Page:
The Non "Epidemic" of Melanoma

Seems melanoma has become another "epidemic," at least that's the way conventional medicine sees it. Although American researchers found skin biopsies have more than doubled over the past two decades -- a figure nearly the same as the rise in the incidence of early-stage melanoma -- death rates or the incidence of advanced disease didn't change.

The study (full free text link below) argues, if the environment was really doing something to cause people to get skin cancer, there would increases in cancers across the board, at all sorts of stages. (That's what happened, for example, when lung cancer became linked to smoking.) In fact, the incidence of early-stage melanomas was a good sign there was little to worry about, scientists said.

Moreover, these results made researchers wonder if skin cancer screenings directed toward healthy people were very much a waste of money.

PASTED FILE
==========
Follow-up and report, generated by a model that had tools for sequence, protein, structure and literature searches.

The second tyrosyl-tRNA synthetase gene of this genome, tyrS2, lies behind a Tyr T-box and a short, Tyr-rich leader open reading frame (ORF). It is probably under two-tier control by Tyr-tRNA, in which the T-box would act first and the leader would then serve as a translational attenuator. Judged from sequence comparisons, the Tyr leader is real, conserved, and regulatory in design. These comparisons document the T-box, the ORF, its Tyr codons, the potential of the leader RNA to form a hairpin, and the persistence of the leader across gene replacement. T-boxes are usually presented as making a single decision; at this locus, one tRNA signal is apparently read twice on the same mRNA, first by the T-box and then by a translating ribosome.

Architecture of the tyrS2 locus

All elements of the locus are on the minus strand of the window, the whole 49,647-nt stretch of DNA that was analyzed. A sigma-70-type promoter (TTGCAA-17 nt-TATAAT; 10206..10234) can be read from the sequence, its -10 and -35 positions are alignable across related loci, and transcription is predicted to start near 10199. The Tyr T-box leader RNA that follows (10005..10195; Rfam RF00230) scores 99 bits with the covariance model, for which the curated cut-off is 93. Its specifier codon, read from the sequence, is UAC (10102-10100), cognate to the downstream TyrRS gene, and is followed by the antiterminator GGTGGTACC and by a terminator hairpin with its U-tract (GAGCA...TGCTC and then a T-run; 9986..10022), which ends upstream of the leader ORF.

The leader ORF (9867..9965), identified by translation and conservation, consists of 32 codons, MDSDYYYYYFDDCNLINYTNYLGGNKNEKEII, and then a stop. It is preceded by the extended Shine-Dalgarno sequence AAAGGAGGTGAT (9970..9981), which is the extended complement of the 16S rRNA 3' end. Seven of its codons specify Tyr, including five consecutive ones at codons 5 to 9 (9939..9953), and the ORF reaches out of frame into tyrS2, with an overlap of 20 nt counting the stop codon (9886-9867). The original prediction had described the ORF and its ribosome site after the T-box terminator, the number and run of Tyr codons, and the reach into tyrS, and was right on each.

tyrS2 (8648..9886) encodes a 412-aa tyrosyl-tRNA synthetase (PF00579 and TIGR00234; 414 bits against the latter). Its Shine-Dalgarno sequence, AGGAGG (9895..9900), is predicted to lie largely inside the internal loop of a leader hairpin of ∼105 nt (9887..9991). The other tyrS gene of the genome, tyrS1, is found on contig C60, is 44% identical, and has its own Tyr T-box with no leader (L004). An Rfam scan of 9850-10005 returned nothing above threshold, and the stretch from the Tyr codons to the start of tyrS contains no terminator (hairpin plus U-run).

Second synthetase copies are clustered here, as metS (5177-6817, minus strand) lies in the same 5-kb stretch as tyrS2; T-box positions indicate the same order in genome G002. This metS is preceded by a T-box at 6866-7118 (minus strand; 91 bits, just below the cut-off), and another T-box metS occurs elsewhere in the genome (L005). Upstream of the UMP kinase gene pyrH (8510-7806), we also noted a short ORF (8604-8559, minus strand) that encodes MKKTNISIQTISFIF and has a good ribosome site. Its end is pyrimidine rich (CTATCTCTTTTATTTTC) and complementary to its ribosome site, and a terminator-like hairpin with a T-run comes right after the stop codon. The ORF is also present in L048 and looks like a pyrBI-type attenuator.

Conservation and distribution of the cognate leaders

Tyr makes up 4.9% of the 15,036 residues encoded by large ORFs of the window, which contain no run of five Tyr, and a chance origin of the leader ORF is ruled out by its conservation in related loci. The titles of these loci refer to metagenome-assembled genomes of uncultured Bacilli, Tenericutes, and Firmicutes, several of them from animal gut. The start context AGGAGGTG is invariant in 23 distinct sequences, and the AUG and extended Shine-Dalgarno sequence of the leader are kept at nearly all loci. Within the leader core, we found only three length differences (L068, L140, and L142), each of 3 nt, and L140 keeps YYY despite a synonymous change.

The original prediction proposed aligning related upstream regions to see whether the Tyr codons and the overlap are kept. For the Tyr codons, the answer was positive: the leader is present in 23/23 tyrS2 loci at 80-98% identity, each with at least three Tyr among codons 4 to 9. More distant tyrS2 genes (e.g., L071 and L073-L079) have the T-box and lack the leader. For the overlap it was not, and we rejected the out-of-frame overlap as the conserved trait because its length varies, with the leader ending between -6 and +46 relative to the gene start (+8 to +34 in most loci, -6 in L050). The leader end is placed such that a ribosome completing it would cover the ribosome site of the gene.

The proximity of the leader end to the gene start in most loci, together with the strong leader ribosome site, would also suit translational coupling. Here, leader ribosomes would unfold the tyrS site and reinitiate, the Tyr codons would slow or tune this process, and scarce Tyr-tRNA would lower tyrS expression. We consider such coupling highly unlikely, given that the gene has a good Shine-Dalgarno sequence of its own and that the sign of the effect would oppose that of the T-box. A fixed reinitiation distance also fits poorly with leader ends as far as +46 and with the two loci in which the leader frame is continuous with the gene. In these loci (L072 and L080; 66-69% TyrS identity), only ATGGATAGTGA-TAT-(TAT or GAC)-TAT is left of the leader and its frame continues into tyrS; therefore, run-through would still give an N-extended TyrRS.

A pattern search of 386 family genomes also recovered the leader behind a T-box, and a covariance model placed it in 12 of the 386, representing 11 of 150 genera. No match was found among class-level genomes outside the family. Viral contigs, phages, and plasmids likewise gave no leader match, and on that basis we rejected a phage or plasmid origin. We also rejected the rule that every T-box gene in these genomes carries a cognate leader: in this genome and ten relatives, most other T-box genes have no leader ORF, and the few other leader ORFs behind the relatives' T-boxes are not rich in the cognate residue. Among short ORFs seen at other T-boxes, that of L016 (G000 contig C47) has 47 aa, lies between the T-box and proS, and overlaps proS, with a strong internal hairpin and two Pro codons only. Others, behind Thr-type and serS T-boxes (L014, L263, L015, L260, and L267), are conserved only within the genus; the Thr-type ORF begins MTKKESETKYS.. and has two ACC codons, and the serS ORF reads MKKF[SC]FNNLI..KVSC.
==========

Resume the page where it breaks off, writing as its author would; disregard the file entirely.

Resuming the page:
Sounds much like a story I posted last year about a dermatologist who disputed the connection between melanoma and the sun as inconclusive and inconsistent, as well as the "outbreak" of melanoma.

Although too much sun can cause skin cancer, getting the right amount of sun daily can prevent it. Exposure to the sun provides many benefits such as the formation of vitamin D, a deficiency most people have. (To be certain your vitamin D levels are where they should be, have your doctor your blood tested.)

And stay away from sunscreens, as they can increase your risk of cancer.

British Medical Journal August 4, 2005 Free Full Text Article

Wilmington Star-News August 9, 2005

New York Times August 9, 2005 Registration Required

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